Nobel Peace Prize Award for 1901 - 1905

About the Nobel Peace Prize Award from 1901 to 1905 including winners Suttner and Dunant, their works, and history.


1901 Jean Henri Dunant (1828--1910), Swiss

Work: Founded International Red Cross Frederic Passy (1822--1912), French

Work: Founded first French peace organization Nobel Laureates: Raised amid wealth in Geneva, Dunant at 26 abandoned missionary work for banking. Yet his concern for the downtrodden continued, and in 1859, after observing firsthand the bloody Battle of Solferino, he rushed in to care for the thousands of French, Italian, and Austrian wounded. The experience moved Dunant to campaign for an organization to ease the plight of war's casualties. He later went bankrupt and dropped from sight. Although poor and sick, he refused to spend the Nobel Prize money, leaving it instead to charity.

Passy's education in law and economics convinced him that the path to peace lay in free world trade. In 1867 he founded the International League of Peace, only to see it crumble in the Franco-Prussian War of 1870. He later reconstituted the organization as the French Society of the Friends of Peace. He also helped form the Interparliamentary Union as a forum for the world's national legislatures to meet and exchange ideas.

Nobel Lore: The first peace prize proved controversial. Speculation centered on reasons for splitting the prize. Some felt that Dunant's efforts fell in the category of medicine, because the Red Cross accepted war as a fact of life and sought only to ameliorate its effects.

1902 Elie Ducommun (1833--1906), Swiss Charles A. Gobat (1843--1914), Swiss

Work: Headed in succession the Permanent International Bureau of Peace at Bern

1903 William R. Cremer (1828--1908), British

Work: Founded Workmen's Peace Association, which later evolved into the International Arbitration League

1904 Institute of International Law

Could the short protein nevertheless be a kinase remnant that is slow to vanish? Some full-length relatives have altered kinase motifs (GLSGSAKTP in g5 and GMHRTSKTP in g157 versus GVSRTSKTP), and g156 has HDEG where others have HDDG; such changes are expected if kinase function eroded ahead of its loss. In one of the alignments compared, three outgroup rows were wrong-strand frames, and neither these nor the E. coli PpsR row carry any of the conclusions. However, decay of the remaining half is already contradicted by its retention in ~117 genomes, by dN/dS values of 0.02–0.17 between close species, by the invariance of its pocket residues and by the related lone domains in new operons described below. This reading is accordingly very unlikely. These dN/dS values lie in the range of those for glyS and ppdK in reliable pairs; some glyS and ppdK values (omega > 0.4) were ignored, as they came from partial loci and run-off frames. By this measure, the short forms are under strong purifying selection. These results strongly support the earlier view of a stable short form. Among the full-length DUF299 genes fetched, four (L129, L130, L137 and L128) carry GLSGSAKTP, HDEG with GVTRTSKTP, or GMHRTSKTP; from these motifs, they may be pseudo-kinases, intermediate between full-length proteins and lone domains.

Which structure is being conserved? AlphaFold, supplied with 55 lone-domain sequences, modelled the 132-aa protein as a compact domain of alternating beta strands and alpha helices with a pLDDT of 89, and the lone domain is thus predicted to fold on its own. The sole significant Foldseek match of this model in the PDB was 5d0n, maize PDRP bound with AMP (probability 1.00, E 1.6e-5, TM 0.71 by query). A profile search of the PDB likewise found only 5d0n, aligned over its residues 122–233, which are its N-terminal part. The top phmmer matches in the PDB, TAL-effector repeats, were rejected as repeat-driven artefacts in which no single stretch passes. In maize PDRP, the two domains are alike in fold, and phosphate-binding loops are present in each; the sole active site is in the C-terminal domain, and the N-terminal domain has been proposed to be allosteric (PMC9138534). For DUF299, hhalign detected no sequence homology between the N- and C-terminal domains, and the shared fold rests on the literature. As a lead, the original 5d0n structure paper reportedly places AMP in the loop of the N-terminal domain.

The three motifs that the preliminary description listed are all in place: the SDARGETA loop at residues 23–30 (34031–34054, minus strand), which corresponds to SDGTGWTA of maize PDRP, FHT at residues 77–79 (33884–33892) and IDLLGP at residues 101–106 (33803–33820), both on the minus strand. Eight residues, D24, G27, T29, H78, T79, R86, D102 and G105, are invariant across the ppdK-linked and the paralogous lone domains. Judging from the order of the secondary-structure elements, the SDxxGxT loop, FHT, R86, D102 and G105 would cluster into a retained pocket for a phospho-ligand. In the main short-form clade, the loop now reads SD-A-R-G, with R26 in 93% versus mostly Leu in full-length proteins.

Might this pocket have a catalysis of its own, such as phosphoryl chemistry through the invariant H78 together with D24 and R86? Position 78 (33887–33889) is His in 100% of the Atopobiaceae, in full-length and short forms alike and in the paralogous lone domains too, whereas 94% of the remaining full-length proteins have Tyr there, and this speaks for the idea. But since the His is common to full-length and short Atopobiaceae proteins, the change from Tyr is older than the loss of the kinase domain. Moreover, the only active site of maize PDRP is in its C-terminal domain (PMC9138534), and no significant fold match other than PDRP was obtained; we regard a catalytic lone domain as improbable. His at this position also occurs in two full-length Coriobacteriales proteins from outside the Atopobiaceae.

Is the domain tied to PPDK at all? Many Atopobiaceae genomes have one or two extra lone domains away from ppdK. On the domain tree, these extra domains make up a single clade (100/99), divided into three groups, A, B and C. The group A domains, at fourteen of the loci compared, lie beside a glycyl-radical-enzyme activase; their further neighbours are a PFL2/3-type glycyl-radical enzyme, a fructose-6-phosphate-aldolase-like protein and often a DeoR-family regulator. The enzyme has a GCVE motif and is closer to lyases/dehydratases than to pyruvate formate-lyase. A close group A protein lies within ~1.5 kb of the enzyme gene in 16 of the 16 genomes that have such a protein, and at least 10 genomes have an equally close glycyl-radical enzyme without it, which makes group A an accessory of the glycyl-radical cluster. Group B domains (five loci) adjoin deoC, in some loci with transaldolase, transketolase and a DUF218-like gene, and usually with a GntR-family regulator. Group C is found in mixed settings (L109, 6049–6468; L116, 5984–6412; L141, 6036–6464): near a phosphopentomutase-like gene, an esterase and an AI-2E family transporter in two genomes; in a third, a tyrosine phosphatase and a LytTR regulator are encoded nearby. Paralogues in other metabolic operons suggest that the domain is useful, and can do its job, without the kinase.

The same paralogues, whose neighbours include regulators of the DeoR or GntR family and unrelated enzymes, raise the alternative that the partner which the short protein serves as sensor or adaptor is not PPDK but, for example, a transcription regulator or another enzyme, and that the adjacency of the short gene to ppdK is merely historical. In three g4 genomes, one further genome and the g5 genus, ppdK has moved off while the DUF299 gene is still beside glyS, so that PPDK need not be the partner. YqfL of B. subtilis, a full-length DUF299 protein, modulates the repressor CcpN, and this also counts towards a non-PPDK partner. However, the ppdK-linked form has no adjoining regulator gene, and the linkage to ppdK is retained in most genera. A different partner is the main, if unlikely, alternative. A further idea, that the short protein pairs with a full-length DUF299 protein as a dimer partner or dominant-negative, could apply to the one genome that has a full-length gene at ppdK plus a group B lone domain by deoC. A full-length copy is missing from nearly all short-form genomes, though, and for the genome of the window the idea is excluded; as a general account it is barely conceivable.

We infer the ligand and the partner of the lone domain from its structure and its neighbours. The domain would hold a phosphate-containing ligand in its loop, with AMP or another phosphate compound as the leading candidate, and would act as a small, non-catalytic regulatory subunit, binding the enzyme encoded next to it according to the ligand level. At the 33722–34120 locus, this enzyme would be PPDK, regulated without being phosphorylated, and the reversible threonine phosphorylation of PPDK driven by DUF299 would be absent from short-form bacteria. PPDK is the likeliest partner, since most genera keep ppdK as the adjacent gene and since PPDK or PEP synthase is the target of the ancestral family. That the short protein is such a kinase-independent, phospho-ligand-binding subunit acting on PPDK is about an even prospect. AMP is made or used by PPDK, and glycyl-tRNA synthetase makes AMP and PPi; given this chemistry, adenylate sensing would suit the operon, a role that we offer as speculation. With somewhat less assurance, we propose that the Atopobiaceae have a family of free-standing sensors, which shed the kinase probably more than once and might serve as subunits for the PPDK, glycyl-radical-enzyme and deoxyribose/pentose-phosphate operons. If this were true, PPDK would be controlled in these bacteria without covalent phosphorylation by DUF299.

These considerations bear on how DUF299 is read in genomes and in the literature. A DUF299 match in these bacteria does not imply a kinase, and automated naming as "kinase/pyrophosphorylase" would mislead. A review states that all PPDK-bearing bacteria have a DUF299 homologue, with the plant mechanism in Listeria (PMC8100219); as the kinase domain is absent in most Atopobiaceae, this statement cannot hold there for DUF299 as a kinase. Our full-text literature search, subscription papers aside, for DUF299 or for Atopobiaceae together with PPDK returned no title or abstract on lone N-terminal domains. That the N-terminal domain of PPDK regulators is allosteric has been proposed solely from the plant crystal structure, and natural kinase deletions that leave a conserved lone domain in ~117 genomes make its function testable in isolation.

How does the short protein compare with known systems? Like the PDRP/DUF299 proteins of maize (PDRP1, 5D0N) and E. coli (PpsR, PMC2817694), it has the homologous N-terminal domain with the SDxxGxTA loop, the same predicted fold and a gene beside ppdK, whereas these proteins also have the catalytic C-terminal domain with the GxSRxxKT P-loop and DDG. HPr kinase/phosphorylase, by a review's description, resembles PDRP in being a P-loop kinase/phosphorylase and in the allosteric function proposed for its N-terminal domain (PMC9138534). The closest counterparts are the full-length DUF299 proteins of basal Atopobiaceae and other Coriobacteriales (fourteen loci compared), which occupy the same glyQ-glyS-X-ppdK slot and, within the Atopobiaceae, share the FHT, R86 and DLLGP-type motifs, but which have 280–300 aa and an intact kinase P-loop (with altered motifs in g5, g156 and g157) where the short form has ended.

Work: Codified international law on such matters as national citizenship and the rules of war

1905 Bertha von Suttner (1843--1914), Austrian

Work: Lectured, organized, and wrote for peace

Nobel Laureate: Born a countess in Prague, her family fell on hard times, and Bertha hired on as a governess to the Suttner children. She later served briefly as Alfred Nobel's secretary before returning to Austria in 1876 to marry one of her former wards, Baron Arthur von Suttner, seven years her junior. The disapproval of the groom's parents pushed the couple across the Black Sea to Russia, where they eked out a living writing articles together. In 1889 she published Die Waffen Nieder (Lay Down Your Arms), a moving indictment of war and its effect on mankind. The book was an instant success worldwide. She edited a pacifist journal named after her book and attended peace conferences all over the world. The Boer War, the Spanish-American War, saber rattling from the imperial houses of Europe--she spoke out against them all. Death spared her by just one week from witnessing the outbreak of W.W.I. Her contempt for man's twisted values she best summed up in these words: "You praise death so highly that you deem it worthy of being suffered by your God Himself--in agony, bleeding, lamenting--on the cross. The most honorable and enviable death is in your opinion the one found in homicidal struggle, and to your love children you affix the label illegitimate birth."

Nobel Lore: For four years Norwegian judges had resisted pressure from the Nobel family to award the gold medal to Nobel's former secretary. This time they gave in. Suttner claimed that she had inspired her former boss to create the peace prize, but Nobel's interest in pacifism seems to have predated his encounter with the countess.

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